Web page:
The Pros And Cons of Buying A Duplex On A Contract For Deed

duplex contract for deedLet’s face it. Many of us would love to buy a duplex.

That is, if we could get a loan for one.

Tightened lending standards, however, mean a lot of us can’t qualify for a bank loan.

And that’s why we’ve begun to see the re-emergence of the contract-for-deed.

A contract for deed or CD, which is also known as a land contract, carrying a note, or owner financing, is a duplex sale where the present duplex owner acts like the bank for the buyer.

While I wrote about this a while back, it certainly is worth revisiting.

So what are the advantages of buying a duplex using seller financing?

  1. There are no loan origination fees.
  2. The sale can close quickly.
  3. There are no limits to the number of duplexes you can buy this way.
  4. Owner financing doesn’t show up on your credit report.
  5. The seller may be willing to accept an offer from a buyer with less than perfect credit.
  6. The seller may accept a higher down payment.

Of course, there are disadvantages to buying using owner financing as well, including:

  1. Contract for deeds typically have higher interest rates than bank loans. This makes sense, especially if the duplex seller has a loan that’s at an interest rate higher than what’s currently available through traditional lenders.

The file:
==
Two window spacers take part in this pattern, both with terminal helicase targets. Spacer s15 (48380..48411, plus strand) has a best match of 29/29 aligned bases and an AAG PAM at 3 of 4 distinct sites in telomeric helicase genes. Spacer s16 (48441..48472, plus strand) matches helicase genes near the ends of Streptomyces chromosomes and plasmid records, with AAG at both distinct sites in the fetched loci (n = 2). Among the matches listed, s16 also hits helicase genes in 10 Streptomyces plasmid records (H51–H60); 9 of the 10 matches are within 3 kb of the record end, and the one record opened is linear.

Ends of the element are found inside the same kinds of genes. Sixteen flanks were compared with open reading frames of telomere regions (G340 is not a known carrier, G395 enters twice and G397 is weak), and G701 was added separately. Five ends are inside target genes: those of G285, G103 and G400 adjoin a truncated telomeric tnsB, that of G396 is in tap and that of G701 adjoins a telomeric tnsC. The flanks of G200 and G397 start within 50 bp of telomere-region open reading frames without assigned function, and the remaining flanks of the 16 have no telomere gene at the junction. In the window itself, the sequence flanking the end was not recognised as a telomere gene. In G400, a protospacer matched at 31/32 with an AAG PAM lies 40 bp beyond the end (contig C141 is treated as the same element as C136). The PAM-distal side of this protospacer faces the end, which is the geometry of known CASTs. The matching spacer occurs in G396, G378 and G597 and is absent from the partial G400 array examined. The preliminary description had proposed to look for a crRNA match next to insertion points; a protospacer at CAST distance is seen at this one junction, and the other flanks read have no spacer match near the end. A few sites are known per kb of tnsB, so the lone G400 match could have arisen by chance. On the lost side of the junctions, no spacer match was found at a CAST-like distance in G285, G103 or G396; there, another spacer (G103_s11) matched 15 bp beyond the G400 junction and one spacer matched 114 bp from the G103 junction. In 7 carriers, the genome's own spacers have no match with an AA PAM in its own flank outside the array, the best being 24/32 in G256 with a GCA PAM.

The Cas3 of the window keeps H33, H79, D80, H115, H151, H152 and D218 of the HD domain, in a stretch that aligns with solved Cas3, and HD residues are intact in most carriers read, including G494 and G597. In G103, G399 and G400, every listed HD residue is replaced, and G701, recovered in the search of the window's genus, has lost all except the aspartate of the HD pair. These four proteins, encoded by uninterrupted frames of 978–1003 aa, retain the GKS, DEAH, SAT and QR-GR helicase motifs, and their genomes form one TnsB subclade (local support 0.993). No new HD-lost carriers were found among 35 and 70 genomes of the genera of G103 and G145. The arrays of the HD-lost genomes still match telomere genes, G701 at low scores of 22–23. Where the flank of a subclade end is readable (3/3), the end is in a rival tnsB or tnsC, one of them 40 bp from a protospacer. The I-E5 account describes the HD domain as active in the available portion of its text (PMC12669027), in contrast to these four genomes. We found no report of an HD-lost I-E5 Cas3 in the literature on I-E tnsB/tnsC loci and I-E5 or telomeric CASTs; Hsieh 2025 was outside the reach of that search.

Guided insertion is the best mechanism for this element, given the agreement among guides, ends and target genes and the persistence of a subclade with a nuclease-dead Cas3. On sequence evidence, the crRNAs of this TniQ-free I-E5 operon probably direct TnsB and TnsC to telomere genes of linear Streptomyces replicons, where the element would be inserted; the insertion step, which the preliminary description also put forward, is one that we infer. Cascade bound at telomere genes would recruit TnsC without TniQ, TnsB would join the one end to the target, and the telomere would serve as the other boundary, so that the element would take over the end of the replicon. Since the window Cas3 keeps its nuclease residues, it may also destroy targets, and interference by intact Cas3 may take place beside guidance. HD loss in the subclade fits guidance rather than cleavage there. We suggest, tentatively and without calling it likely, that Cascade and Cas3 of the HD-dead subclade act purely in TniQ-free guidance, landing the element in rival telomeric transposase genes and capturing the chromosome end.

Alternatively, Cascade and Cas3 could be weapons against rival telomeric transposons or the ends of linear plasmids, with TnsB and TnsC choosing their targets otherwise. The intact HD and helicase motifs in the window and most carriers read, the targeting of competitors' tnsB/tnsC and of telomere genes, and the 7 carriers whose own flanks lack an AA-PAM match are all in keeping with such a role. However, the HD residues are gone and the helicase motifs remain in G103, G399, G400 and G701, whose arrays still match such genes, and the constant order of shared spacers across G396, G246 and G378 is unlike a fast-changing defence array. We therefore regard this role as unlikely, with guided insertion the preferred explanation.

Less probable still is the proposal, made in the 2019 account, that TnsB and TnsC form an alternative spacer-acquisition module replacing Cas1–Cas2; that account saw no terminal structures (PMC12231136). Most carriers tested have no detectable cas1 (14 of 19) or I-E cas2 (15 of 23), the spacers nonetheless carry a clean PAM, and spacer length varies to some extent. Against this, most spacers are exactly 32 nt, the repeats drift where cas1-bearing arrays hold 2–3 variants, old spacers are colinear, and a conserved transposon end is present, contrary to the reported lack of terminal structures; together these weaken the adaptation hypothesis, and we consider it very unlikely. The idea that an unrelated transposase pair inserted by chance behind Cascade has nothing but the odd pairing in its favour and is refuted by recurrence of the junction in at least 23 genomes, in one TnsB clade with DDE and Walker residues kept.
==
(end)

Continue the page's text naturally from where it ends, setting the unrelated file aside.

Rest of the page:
2. A shorter foreclosure period. The seller may begin foreclosure if you miss two payments. Foreclosure is almost immediate. There aren’t months of waiting for sheriff’s sales and redemption periods to end.
  3. The seller may require a higher down payment. Seller’s usually need a fixed amount of cash in order to move on to their next home or project.
  4. The contract for deed may trigger a due on sale clause. For further explanation, click here.
  5. Buyers may face a balloon payment at a time when the financing available from traditional lenders has less favorable terms.
  6. Fewer duplexes to choose from.  The vast majority of duplex sellers simply want to be done with their property, and aren’t willing to offer owner financing. This gives duplex buyers fewer properties to choose from.

As always, it is critical that you do the math before you buy so you are certain you can cover mortgage payments in the event of a vacancy or any other loss of revenue.

It  is also wise to consult with either a Realtor or real estate attorney familiar with the process of buying a duplex on a contract for deed in order to make sure both you and the seller are legally protected.